Report Examines the Role of Race in Wrongful Convictions

By David M. Greenwald
Executive Editor

The National Registry of Exonerations, as of August 8, had identified more than 3200 individual exonerations.  The report found that, while Blacks are 13.6 percent of the American population, they represented more than half (53 percent) of those 3200 exonerations.

“Judging from exonerations, innocent Black Americans are seven times more likely than white Americans to be falsely convicted of serious crimes,” the report found.

This racial disparity held for all major crime categories, with the exception of white-collar crime.

The report focuses on racial disparities in the three types of crime that produce the largest numbers of exonerations: murder, sexual assault, and drug crimes.

The report found, “For both murder and sexual assault, there are preliminary investigative issues that increase the number of innocent Black suspects: for murder, the high homicide rate in the Black community; for rape, the difficulty of cross-racial eyewitness identification. For both crimes, misconduct, discrimination and racism amplify these initial racial discrepancies.”

For drug crimes, “the preliminary sorting that increases the number of convictions of innocent Black suspects is racial profiling. In addition, the Registry lists 17 ‘Group Exonerations” including 2,975 additional wrongfully convicted defendants, many of whom were deliberately framed and convicted of fabricated drug crimes in large-scale police scandals.”

Once again, “The overwhelming majority are Black.”

Researchers included Samuel R. Gross, Maurice J. Possley, Ken Otterbourg, Klara Huber Stephens, Jessica Weinstock Paredes, Barbara O’Brien.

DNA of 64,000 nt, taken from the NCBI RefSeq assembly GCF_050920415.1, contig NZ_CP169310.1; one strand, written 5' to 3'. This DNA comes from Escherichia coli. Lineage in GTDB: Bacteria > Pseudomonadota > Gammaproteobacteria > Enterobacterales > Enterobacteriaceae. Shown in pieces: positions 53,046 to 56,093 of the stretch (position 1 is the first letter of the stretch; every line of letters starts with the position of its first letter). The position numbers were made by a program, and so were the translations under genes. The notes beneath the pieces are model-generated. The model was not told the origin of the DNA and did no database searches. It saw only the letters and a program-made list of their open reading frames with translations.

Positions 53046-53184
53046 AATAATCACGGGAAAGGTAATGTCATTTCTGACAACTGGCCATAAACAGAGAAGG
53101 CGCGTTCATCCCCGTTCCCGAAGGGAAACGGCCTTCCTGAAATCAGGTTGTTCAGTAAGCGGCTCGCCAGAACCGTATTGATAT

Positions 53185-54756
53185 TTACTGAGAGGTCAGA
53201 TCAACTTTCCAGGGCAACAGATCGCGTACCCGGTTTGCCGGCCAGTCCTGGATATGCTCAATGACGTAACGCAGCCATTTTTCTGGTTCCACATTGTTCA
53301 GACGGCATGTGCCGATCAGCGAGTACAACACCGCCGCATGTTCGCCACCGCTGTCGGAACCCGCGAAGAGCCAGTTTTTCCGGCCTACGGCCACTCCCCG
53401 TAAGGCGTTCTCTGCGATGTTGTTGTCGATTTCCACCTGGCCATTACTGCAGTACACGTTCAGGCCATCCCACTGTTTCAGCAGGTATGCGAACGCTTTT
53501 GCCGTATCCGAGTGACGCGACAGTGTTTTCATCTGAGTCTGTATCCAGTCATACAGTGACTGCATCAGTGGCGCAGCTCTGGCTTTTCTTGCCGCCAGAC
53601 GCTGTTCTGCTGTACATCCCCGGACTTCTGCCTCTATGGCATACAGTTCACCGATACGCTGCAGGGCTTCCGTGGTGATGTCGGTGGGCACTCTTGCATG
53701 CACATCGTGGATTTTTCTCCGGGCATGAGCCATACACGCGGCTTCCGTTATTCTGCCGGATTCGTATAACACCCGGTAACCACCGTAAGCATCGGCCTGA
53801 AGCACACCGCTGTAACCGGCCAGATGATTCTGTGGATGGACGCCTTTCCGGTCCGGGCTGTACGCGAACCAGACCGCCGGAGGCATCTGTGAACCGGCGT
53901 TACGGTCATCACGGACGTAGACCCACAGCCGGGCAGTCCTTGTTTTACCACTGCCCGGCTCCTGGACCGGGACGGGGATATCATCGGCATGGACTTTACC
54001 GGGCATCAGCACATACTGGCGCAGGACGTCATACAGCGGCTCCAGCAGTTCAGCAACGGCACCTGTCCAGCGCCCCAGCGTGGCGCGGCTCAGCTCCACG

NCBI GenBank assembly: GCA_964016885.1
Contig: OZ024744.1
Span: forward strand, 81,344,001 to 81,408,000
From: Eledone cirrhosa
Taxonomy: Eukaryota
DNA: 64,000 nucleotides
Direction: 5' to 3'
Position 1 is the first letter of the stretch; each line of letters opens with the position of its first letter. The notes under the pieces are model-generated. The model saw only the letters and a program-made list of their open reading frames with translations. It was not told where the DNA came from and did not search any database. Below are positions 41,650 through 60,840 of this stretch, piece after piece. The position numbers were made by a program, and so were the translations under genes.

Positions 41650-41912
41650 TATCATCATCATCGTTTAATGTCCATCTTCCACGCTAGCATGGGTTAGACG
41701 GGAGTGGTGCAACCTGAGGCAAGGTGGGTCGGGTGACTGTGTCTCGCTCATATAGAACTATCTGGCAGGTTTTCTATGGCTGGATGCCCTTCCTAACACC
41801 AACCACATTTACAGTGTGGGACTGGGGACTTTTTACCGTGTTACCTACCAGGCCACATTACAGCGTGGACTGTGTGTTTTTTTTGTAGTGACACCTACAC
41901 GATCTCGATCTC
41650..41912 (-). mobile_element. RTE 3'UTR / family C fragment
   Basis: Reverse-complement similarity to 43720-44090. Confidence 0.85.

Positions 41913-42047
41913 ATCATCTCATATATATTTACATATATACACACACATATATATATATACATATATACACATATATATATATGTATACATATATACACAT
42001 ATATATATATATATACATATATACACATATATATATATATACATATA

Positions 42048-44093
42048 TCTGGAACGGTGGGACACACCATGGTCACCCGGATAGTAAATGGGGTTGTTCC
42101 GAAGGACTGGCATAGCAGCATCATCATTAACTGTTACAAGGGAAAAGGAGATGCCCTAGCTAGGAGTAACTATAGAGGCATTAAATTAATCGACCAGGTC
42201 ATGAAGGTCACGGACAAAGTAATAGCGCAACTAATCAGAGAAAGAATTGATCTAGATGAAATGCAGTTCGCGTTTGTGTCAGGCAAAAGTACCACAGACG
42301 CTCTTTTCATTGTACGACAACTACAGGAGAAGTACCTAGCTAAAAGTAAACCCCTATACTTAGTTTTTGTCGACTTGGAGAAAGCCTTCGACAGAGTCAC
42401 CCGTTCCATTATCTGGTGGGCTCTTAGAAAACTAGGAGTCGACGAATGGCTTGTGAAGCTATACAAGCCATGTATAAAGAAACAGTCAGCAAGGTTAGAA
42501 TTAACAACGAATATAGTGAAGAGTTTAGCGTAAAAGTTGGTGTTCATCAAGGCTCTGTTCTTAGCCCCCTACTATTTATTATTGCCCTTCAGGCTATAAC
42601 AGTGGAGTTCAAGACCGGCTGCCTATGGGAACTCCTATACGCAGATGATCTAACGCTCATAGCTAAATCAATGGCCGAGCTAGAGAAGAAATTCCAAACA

In a letter dated September 23, they note, “This is the first Report by the Registry that includes extensive discussion of changes over time. That required patience. Many, probably most, of the important changes are in the investigations and prosecutions that produce false convictions—but we don’t begin to learn about them until the convicted defendants are exonerated, on average 11.6 years later.”

They write, “We’re now able to describe and analyze changes that occurred in the twenty-first century.”

They found that many innocent Black men had been misidentified by white victims, but with the advent of DNA pre-trial testing, that “has now reduced that problem to a fraction of what it once was.”

In addition, “We know far more about false drug crime convictions than we did five years ago. We have two-and-a-half-times as many exonerations (554 vs. 221), including 259 drug crime exonerees, overwhelmingly Black people, who were framed by police.”

Misconduct, they found, is a huge component of wrongful convictions of drug crimes.

For murder, “Innocent Black people are about seven-and-a-half times more likely to be convicted of murder than innocent white people. That applies equally to those who are sentenced to death and those who are not.”

The report found that a major cause of this disparity is “the high homicide rate in the Black community, a tragedy that kills many Black people and sends many others to prison.

“Like the families of those who are killed, innocent defendants who are falsely convicted are victims who are deeply harmed by murders committed by others,” the authors find.

In addition, “Black people who are convicted of murder are about 80% more likely to be innocent than other convicted murderers.”

Again, they find, “Part of that disparity is tied to the race of the victims. About 13% of murders by Black people have white victims, but twice as many—26% of innocent Black murder exonerees—were convicted of killing white people.”

Finally, “The convictions that led to murder exonerations with Black defendants were almost 50% more likely to include misconduct by police officers than those with white defendants.”

For sexual assault they find the disparity even higher: “Innocent Black people are almost eight times more likely than white people to be falsely convicted of rape.”

Furthermore, the study found, “A prisoner serving time for sexual assault is more than three times more likely to be innocent if he is Black than if he is white.”